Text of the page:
It was the Angkor Wat half-marathon a couple of weeks ago. I wasn’t there since I was committed to the Singapore Marathon on the same day. But I was in Angkor Wat a couple of days ago, and the paint was still fresh on the road surface, indicating the kilometre marks and the turning points. One of the stallholders, selling drinks and trinkets outside the temples said that she and her colleagues all raced to the roadside, to applaud the runners. Otherwise she didn’t have much idea of what a half-marathon was, apart from,”There were a lot of people”. Over 2,500 in fact.
There can be few races run in such exotic and lush surroundings, through the jungle, past the principal temples of the Angkor complex, incuding the ‘biggie,’ Angkor Wat itself, the final manifestation of the Angkor Empire which ruled 800 years ago in what we now know as Cambodia.
The half-marathon was started 12 years ago, on the initiative of Japanese marathoner, Yuko Arimori, who won Olympic silver in Barcelona ‘92, and bronze in Atlanta ‘96. Two years later, Arimori launched the charity Heart of Gold, dedicated to victims of landmines, and HIV/Aids in Cambodia. Following this year’s race, she reflected, “The Cambodians aren’t ready for a full marathon yet. They need to build up to it after the period of war”. That, of course is a reference to the more recent and terrifying history of Cambodia.
One of the advantages of doing what I do is that, firstly, it’s better than working for a living; but secondly, travelling regularly to places like Singapore affords an opportunity to explore a part of the world relatively distant from my base in western Europe. Last year, for example, I used the Singapore trip to go to Hanoi, where, among other memorable things, I met several Vietnam vets, on one of their regular visits. The Vietnamese, incidentally call it the American War. These former US soldiers were still trying to put the trauma of their experience 30 years ago behind them. “What makes it worse,” said one, “is that no Vietnamese has ever uttered a world of criticism about the war, nor even asked me why we came here back then. They have simply been welcoming”.
As I wrote last week in a profile of Singapore winner (and world champion) Luke Kibet and the murderous violence in Kenya a year ago, little prepared me (outside of a visit to the Dachau concentration camp, while I was the Munich Olympics in 1972) for the dual manifestations of the most recent dynasty in Cambodia – the Khmer Rouge. Khmer incidentally is the local name for the Cambodian people and their language.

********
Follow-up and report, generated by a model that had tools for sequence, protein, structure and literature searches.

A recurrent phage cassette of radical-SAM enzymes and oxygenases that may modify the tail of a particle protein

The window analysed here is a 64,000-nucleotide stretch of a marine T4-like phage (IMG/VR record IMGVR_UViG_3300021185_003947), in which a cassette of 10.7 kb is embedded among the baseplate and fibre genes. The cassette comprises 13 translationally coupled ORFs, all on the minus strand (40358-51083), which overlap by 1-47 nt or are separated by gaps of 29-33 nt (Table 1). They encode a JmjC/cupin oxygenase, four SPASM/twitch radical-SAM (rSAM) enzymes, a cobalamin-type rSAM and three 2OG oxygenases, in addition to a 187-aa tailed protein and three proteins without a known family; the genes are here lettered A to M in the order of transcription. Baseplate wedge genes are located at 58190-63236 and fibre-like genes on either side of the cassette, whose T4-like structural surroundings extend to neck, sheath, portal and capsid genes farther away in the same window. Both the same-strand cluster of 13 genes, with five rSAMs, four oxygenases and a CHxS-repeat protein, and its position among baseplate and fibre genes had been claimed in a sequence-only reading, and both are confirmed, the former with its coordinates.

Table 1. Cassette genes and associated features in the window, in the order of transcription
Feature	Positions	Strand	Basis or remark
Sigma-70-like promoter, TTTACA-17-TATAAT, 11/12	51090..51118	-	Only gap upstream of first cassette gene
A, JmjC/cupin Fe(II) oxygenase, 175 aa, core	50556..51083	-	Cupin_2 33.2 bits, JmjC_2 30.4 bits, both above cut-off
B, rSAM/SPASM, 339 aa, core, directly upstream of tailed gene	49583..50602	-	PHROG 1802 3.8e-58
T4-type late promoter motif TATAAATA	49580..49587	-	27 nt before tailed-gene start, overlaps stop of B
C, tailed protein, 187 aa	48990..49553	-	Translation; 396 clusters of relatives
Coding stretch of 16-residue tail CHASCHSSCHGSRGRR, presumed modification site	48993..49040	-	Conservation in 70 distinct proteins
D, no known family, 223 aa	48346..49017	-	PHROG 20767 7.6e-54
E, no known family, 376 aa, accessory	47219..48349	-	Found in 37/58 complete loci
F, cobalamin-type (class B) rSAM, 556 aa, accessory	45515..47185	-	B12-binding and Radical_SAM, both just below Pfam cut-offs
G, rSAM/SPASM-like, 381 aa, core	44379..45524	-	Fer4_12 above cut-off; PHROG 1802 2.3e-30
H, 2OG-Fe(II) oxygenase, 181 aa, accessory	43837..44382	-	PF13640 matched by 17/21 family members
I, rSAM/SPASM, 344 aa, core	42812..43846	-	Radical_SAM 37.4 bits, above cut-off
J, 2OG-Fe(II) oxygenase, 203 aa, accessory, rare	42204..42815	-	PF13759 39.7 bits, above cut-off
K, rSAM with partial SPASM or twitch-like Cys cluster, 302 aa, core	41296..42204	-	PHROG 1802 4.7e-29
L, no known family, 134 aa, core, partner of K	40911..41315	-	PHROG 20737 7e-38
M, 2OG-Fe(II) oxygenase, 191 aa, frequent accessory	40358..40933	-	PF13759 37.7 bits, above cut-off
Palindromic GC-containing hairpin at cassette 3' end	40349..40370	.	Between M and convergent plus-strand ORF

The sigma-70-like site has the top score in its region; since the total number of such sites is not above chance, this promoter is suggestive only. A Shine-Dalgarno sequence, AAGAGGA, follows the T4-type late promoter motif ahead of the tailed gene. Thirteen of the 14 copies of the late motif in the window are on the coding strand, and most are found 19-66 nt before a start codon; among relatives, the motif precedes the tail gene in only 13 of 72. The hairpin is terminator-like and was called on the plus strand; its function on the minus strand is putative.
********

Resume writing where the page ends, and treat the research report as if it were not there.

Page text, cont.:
Before going to Angkor Wat, I visited Phnom Penh. The Cambodian capital, built on the confluence of the Tonlé Sap and Mekong Rivers has an air of faded empire, in this case, the French one. Since, like in neighbouring Vietnam, the French were here for close to 100 years.
Without going into the labyrinthine ramifications of this particular branch of colonial policy, since I’m not sure I understand it anyway, the insurrection in Vietnam spilled over into Cambodia, and permitted the rise of the Khmer Rouge, whose infamous leader, Pol Pot and his cadres instigated the most draconian revolutionary policy in recent history. They drove the whole population out of the towns into the countryside, and set about liquidating those they took to be their enemies. Estimates of the number slain vary between 200,000 and two millions.
A visit to Tuol Sleng – the suburban High School, which served as a detention and torture centre, for men, women and children (all minutely tabulated, just as the Nazis did) – and the infamous Killing Fields, 15 kilometres outside Phnom Penh, where close to 9000 victims were despatched with a blow to the back of the head (to save the cost of bullets) is a profoundly depressing experience. But I would urge it on anyway passing this way. Because, we are all complicit in this.
Anyway, to get to the point, spending half a day at Tuol Sleng and the Killing Fields leaves you wondering at the sanity of those philosophers who think the human race is perfectible.
But what Yuko Arimori and her team are doing at Angkor; and what Toby Tanser is doing with Shoe4Africa; and what the latest CBC documentary on Terry Fox’s Marathon of Hope is doing; and what big city marathons are doing with their charitable fund-raising, all means that many members of the extended distance running community are putting something back into the wider world, in an attempt to make it a better place.
It’s still a long shot, but folks like that might yet prove those philosophers right.
Compliments of the season.